One large difference in how Linux telephony API differs from what used to work with sound cards is that Linux telephony API is “frame-oriented” while sound cards are “byte oriented”. A device that is frame-oriented reads a discrete frame of data corresponding to a unit of time. This is done because all audio codecs operate on a period of audio data at a time (usually 10, 20 or 30 milliseconds' worth of data). Because use of a compressed codec is the norm for network telephony applications, this is the normal and expected mode of operation for phone devices. Sound cards do not have this restriction and are free to read and write a variable number of data bytes on any give call. The API defines “frame sizes” for each codec, and raw uncompressed audio data from the device is one of the codec choices. For example, the LINEAR16 codec (uncompressed 16-bit sound samples) has a default frame size of 240 bytes—corresponding to 30 milliseconds of data at the default 8000Hz sample rate. Every read operation from the device will result in 240 bytes of data or nothing. Of course, you can change this behavior with ioctl calls to adjust the size of a frame for uncompressed codecs.
Fast/Flexible Linux OS Recovery
On Demand Now
In this live one-hour webinar, learn how to enhance your existing backup strategies for complete disaster recovery preparedness using Storix System Backup Administrator (SBAdmin), a highly flexible full-system recovery solution for UNIX and Linux systems.
Join Linux Journal's Shawn Powers and David Huffman, President/CEO, Storix, Inc.
Free to Linux Journal readers.Register Now!
|CentOS 6.8 Released||May 27, 2016|
|Secure Desktops with Qubes: Introduction||May 27, 2016|
|Chris Birchall's Re-Engineering Legacy Software (Manning Publications)||May 26, 2016|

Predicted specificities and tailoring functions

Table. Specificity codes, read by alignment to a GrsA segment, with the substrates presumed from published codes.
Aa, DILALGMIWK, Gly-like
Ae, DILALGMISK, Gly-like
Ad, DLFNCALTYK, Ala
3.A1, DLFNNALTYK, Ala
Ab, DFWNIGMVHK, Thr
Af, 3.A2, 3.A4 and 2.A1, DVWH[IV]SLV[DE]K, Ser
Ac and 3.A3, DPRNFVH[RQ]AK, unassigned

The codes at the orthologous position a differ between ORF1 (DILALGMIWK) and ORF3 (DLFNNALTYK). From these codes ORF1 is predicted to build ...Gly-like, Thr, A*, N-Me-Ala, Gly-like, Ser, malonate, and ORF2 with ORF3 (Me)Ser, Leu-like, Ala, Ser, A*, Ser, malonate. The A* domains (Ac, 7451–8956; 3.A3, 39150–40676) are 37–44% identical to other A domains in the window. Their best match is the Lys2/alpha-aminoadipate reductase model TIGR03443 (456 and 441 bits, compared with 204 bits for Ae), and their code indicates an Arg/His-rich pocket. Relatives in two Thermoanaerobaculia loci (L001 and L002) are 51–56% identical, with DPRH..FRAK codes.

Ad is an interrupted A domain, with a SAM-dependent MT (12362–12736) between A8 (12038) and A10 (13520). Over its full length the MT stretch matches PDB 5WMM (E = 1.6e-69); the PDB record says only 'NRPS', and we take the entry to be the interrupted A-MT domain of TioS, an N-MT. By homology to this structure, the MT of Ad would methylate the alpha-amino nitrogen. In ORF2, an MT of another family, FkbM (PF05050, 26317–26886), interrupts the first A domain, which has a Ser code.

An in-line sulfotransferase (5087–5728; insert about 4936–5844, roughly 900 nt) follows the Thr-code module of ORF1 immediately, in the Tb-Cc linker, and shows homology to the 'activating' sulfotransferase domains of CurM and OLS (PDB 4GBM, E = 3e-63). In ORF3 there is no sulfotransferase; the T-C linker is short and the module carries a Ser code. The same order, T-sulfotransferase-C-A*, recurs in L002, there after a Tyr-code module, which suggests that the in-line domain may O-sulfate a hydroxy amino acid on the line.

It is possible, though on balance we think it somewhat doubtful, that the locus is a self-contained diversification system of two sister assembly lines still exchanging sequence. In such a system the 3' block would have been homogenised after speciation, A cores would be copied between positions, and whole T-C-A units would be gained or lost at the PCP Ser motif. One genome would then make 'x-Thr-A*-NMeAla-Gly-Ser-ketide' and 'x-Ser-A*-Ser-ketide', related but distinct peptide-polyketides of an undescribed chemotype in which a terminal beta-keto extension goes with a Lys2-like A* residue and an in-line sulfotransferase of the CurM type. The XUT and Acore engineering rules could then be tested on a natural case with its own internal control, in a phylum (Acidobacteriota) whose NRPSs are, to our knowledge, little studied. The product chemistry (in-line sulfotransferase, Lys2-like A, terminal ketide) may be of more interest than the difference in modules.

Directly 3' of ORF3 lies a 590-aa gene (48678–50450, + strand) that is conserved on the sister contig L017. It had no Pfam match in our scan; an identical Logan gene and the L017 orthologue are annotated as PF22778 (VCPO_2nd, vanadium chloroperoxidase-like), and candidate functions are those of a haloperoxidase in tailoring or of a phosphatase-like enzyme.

|ServersCheck's Thermal Imaging Camera Sensor||May 25, 2016|
|Petros Koutoupis' RapidDisk||May 24, 2016|
|The Italian Army Switches to LibreOffice||May 23, 2016|
- Secure Desktops with Qubes: Introduction
- Download "Linux Management with Red Hat Satellite: Measuring Business Impact and ROI"
- CentOS 6.8 Released
- The Italian Army Switches to LibreOffice
- Linux Mint 18
- Chris Birchall's Re-Engineering Legacy Software (Manning Publications)
- ServersCheck's Thermal Imaging Camera Sensor
- Oracle vs. Google: Round 2
- Petros Koutoupis' RapidDisk
- The FBI and the Mozilla Foundation Lock Horns over Known Security Hole
Until recently, IBM’s Power Platform was looked upon as being the system that hosted IBM’s flavor of UNIX and proprietary operating system called IBM i. These servers often are found in medium-size businesses running ERP, CRM and financials for on-premise customers. By enabling the Power platform to run the Linux OS, IBM now has positioned Power to be the platform of choice for those already running Linux that are facing scalability issues, especially customers looking at analytics, big data or cloud computing.
￼Running Linux on IBM’s Power hardware offers some obvious benefits, including improved processing speed and memory bandwidth, inherent security, and simpler deployment and management. But if you look beyond the impressive architecture, you’ll also find an open ecosystem that has given rise to a strong, innovative community, as well as an inventory of system and network management applications that really help leverage the benefits offered by running Linux on Power.Get the Guide